There are many things wrong with this book, but I’m giving it a 2-star rating because it actually has some potential.
The most annoying thing about this book is the fact that Berdoll seems to have swallowed a thesaurus, and an archaic one at that. No one has said (or written) “howbeit” since the 15th Century. At least no one who was trying to write anything serious. And that’s just the tip of the iceberg. The writing style itself is so verbose and convoluted, it defies definition. Sentences meander with no regard for structure or form. There’s no reason to create frankly unreadable and incomprehensible sentences in order to write a P&P Regency period continuation story. In fact, it’s ridiculous to try. Jane Austen was writing for her contemporaries, so her style was basically reflective of how people wrote in that era. To try to duplicate that style now is ludicrous. You can still write a Regency period book without resorting to overinflated and unnecessary language. Interestingly, she messes up her own attempts and slips into modern lingo constantly, which just adds to the groan-inducing structure. But I mentioned that the story has potential. You can see kernels of humor emerging amidst the laborious writing and I wish that Berdoll had had the sense to tone down her attempts at pretentiousness and explore her talent for comedy.
I’ve read other reviews of this book and a lot of folks talk about characterization in the book and how Darcy and Elizabeth aren’t true to form. While I agree that “voice” is important, departure from original characterizations is sometimes necessary in order to move the story forward. This is especially important when writing “what if” speculation stories, because as a writer explores the potential for alternate beginnings and/or endings. In the case of a continuation story, however, it rarely works. If you’re simply continuing a story, you have to stick to the original characterization. Sadly, Berdoll completely misses this point. Her Elizabeth is a petulant child, not the strong, confident, and witty heroine of Austen’s P&P. Darcy is a bit closer to the original, but not by much.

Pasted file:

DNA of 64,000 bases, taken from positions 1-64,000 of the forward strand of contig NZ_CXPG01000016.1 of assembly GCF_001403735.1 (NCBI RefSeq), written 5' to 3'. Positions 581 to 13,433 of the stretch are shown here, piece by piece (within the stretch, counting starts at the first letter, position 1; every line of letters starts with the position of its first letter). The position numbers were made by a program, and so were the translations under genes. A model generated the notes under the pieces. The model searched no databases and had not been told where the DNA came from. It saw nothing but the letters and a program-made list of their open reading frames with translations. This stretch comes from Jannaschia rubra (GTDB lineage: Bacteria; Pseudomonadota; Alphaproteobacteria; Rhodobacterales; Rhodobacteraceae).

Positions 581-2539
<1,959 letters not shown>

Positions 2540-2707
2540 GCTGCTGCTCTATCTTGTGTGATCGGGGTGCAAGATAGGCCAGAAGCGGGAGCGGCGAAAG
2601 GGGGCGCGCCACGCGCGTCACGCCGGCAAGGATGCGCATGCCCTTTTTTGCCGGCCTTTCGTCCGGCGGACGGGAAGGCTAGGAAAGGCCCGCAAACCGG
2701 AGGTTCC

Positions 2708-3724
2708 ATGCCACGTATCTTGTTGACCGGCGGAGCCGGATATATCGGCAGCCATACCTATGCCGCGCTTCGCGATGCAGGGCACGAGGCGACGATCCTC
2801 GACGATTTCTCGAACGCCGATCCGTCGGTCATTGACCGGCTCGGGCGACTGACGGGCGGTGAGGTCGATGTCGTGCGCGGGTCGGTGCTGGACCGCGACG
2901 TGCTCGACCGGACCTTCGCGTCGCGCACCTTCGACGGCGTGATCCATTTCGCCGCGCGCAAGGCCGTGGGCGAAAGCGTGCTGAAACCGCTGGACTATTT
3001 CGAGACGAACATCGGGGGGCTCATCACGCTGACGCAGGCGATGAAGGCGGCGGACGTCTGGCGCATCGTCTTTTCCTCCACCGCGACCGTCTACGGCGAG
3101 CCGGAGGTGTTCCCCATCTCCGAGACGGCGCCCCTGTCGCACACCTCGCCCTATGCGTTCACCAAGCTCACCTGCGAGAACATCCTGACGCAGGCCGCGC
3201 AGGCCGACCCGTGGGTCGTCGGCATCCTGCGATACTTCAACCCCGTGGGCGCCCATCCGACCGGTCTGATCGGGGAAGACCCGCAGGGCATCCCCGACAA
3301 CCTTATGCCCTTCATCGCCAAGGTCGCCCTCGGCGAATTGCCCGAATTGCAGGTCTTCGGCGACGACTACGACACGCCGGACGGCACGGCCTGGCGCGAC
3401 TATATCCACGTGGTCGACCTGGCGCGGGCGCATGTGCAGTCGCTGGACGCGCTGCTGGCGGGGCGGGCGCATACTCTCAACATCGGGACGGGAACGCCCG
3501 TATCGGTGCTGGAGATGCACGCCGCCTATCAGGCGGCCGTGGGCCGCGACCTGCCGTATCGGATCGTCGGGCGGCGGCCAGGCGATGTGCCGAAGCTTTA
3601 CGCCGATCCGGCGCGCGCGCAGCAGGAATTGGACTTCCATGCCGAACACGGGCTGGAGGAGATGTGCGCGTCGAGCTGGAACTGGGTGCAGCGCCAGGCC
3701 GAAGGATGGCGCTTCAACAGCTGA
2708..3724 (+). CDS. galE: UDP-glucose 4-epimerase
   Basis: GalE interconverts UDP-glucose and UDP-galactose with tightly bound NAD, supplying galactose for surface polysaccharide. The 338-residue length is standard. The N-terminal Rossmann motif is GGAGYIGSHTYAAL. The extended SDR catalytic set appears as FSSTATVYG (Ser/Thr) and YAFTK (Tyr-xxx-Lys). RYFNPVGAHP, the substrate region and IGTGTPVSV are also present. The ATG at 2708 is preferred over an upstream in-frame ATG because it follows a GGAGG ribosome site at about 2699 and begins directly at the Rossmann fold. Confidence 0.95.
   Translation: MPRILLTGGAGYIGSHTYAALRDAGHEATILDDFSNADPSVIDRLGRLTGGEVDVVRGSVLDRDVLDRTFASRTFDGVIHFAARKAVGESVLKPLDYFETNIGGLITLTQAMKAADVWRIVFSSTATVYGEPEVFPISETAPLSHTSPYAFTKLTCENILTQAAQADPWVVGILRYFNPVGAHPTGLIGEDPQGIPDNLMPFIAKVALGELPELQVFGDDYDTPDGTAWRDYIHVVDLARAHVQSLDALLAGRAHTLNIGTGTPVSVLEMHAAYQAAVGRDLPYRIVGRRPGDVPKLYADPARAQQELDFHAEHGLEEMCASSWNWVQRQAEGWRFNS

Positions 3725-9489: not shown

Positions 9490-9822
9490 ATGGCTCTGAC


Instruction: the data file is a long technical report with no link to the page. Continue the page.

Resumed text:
And the sex scenes? If the language wasn’t so belabored, they might at least be fun to read. As it is, they are boring, cliched, and frankly, beyond unrealistic. On the one hand, Berdoll is insisting on creating a Regency period scenario (badly), and on the other, she writes scenes that are completely devoid of the social dictums of that era. The departures from decorum are horrific. Darcy taking Lizzy up against a door, in broad daylight, with guests in the house? Really?
Overall, it’s not a bad read. It’s just not that great.
Categories: Book Reviews